'as well as ' used as 'and'


Senior Member
I learned a notion which says 'as well as' and 'and' have a nuance:

1---I will cooperate with A as well as B .
2---I will cooperate with A and B.

My teacher says the first sentence sounds that B is more important or bigger than A in status, while the second shows no difference between A and B in their importance.

So, he gives the following two sample sentences:

1---I will closely cooperate with local law enforcement as well as the FBI.
2---I will closely cooperate with the FBI as well as the local law enforcement.

According to him, the second one is not necessarily proper when using 'as well as', for the FBI is higher in status than a local unit.

Is what he says right? Thank you.
  • Matching Mole

    Senior Member
    England, English
    I think, generally, it it's a matter of topical emphasis rather than status level. I would say that in many cases the first subject comes first (rather than being the "as well as" subject) because it is the topic of the dialogue. If you are talking principally about the FBI, for example, it's natural that it comes first, without there being an implication that the "as well as" subject is of lesser status or importance. The use of "and" in this context suggests to me that both subjects are the topic. So, I would say that the assertion that this structure is principally about status is arguable.


    English - England
    Further to Matching Mole's response, I would tend to agree that actually "as well as" is not necessarily used to reflect status or hierarchy.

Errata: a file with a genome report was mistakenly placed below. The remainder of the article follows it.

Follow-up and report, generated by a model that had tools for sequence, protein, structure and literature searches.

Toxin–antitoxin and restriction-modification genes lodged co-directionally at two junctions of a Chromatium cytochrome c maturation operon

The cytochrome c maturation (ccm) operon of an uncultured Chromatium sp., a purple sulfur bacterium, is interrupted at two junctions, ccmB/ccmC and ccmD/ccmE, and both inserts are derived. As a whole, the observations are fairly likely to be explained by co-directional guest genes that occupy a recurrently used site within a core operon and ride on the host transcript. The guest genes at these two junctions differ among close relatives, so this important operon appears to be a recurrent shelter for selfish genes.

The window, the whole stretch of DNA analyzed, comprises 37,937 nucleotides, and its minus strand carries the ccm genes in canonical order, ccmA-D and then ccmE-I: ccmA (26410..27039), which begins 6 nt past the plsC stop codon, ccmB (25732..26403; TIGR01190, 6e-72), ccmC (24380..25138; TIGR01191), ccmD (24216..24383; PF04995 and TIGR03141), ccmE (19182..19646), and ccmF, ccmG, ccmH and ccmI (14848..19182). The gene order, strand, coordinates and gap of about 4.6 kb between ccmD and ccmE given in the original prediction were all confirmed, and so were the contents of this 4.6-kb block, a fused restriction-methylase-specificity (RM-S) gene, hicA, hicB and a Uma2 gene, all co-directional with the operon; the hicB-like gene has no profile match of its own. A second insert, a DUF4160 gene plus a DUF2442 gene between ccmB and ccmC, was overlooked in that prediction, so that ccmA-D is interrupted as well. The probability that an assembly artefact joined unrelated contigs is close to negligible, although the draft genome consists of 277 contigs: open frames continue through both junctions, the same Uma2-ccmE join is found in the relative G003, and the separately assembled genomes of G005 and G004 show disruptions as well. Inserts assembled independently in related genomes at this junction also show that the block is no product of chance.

I would interpret your examples as follows:
    1. I will cooperate with A as well as B = I will cooperate with B - that is understood / taken for granted. I am telling the listener that I will also cooperate with A - this might not have been understood.
    2. I will cooperate with A and B = I will cooperate with both parties - the listener may not have been aware of this before my statement.
    I don't find the examples your teacher provided to be particularly helpful as I would imagine the "implicit" cooperation with either the local law enforcement OR the FBI would depend more on the circumstances of the incident calling for your cooperation than the status of these parties.
    Hope this helps! :)


    Senior Member
    Thank you both for the replies. I have found some people define 'as well as' being silmilar to 'in addition to' and that matches schoolmeals' opinion.
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